Those in the construction field and building trades can expect changes in Building Laws and inspection procedures will be forthcoming. When those changes do come, it will be important to review and analyze how they may impact the contractual commitments required of builders, lenders, and other related fields.
Since the Collapse, there also has been a growing political movement by members of Congress and the Biden Administration to propose, pass, and implement new disaster mitigation incentives as part of a potential tax package. For example, U.S. Representative Richard Neal, D-Mass, and Chair of the House of Representatives Ways and Means Committee said “disaster mitigation incentives would be part of a broader discussion aimed at developing a permanent tax framework to deal with potential disasters, including extreme weather events linked to client change.” Moreover, U.S. Representative Neal’s comments indicate that the new wave of mitigation tax incentives would be forward looking and designed to curb the impact of future hurricanes, floods, and wildfires. In addition, the Biden administration has proposed a 25 % credit for qualified disaster mitigation expenses capped at $5,000 for homes and businesses either in or adjacent to an area where there has been a federal disaster declaration in the last 10 years. The credit would be phased out for individuals making at least $85,000 and married couples earning $170,000. And in the U.S. Senate, Senator Michael Bennet, D-Colo, who is a member of the U.S. Senate’s Finance Committee, has promoted S. 1805 which is a bi-partisan proposal to provide a 25% tax credit for qualified mitigation expenses capped at $5,000. Expenses that would qualify for the 25% tax credit would include costs for necessary braces and water barriers and protection for roofs, exterior doors and garages. Finally, as a good sign of bipartisan support, U.S. Representative Tom Rice, R-S.C., a member of Ways and Means Committee said he agreed with U.S. Representative Richard Neal and in favor of mitigation incentives and U.S. Representative Rice added “Perhaps the federal government does have a role in encouraging people to prepare for future disasters.”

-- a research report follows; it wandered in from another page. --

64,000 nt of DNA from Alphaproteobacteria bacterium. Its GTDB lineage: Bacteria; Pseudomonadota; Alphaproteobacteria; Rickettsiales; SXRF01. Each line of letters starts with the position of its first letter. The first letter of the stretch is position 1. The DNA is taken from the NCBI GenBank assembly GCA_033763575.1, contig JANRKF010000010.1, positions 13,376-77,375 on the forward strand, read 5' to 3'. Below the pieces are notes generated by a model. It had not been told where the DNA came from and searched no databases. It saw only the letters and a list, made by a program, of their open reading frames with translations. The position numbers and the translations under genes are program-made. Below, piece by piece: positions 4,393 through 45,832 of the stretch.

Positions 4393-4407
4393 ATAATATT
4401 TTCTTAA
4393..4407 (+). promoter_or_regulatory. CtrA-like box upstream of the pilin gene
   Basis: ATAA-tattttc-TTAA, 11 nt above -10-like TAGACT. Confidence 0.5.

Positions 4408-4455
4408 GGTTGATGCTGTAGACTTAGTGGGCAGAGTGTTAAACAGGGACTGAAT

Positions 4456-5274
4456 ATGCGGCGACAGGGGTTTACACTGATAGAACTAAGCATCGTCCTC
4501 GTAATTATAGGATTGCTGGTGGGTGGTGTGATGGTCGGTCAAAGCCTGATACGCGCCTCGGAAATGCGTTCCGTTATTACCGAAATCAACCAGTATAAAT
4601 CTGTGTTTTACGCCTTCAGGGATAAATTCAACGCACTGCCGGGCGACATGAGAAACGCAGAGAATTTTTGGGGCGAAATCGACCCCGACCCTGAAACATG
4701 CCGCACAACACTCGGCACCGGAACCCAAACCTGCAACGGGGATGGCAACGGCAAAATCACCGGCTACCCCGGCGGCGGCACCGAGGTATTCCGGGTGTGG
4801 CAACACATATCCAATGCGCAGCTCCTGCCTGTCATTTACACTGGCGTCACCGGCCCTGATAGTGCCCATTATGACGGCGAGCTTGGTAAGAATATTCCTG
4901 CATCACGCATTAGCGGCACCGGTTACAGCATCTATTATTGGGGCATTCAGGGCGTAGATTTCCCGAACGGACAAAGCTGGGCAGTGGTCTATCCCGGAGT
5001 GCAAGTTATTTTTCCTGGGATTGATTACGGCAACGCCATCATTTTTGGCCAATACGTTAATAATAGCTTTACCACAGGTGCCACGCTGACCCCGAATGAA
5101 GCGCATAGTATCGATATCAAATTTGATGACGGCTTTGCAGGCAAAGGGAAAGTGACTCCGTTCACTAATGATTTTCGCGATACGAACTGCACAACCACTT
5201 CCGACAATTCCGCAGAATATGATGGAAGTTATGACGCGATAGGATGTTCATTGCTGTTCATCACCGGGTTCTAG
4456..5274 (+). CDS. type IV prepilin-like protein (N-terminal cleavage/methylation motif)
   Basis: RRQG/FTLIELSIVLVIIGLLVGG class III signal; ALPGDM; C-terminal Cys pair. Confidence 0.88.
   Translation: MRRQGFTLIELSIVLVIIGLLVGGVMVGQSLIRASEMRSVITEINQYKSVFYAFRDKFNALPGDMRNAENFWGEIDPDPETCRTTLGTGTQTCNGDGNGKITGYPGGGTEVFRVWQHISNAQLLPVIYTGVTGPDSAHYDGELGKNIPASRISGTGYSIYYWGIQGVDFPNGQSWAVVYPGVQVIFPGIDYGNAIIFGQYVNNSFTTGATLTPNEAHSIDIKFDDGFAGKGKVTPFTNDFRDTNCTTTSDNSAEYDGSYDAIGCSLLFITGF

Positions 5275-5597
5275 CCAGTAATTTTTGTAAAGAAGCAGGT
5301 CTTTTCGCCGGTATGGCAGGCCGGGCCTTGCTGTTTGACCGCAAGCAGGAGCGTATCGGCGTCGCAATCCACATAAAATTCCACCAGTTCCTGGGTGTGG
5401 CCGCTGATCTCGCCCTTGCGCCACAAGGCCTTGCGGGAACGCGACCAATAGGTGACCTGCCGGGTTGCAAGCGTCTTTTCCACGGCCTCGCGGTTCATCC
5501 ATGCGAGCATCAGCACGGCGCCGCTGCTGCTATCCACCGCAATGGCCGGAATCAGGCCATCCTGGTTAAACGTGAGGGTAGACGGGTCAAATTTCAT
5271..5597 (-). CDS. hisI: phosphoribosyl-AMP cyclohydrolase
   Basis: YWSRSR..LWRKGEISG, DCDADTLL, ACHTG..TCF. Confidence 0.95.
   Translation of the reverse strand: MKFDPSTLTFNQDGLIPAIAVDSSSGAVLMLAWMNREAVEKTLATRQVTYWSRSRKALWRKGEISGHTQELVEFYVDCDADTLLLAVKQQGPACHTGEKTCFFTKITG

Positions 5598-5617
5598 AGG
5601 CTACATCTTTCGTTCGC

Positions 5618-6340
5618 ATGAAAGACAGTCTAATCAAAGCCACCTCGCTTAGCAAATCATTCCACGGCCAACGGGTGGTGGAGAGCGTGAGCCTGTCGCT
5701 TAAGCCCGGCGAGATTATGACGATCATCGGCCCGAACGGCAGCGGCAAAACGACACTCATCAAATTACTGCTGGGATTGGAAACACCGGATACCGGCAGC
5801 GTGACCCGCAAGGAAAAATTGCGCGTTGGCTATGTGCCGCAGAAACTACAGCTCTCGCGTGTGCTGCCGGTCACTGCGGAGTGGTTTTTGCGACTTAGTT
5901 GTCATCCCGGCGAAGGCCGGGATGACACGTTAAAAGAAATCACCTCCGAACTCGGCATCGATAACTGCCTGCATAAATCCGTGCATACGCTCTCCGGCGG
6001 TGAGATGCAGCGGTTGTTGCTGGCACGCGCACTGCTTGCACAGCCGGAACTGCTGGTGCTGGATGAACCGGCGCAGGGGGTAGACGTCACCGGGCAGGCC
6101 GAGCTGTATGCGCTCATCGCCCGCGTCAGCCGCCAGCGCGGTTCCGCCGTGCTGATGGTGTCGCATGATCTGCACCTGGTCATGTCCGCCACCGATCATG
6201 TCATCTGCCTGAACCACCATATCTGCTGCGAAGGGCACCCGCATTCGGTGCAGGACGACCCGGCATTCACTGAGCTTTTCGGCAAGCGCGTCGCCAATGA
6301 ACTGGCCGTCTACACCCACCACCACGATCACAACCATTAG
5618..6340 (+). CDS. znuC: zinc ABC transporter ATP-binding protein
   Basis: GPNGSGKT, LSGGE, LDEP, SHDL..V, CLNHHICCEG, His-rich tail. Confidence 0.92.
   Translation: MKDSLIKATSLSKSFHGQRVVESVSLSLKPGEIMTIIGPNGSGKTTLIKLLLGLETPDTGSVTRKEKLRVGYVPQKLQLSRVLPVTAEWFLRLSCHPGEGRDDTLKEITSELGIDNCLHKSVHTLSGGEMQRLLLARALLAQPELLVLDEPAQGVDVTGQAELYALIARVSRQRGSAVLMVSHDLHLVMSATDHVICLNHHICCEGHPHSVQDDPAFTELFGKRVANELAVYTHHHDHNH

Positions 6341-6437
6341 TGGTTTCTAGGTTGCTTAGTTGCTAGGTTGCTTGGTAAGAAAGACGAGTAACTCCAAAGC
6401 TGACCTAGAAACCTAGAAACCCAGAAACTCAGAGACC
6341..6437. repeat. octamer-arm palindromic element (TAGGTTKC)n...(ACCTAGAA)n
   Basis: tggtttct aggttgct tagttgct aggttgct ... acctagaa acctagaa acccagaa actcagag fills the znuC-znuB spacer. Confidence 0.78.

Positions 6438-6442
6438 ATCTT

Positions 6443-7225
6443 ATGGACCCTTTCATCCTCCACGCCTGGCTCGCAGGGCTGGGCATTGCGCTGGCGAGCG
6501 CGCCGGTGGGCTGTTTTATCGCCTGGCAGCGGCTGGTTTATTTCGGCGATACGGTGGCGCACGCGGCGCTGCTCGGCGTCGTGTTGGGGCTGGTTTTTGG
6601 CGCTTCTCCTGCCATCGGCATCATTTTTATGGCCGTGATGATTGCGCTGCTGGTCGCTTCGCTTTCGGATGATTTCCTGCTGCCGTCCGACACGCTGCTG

This alert should not be construed as legal advice or a legal opinion on any specific facts or circumstances. This alert is not intended to create, and receipt of it does not constitute, a lawyer-client relationship. The contents are intended for general informational purposes only, and you are urged to consult your attorney concerning any particular situation and any specific legal question you may have. We are working diligently to remain well informed and up to date on information and advisements as they become available. As such, please reach out to us if you need help addressing any of the issues discussed in this alert, or any other issues or concerns you may have relating to your business. We are ready to help guide you through these challenging times.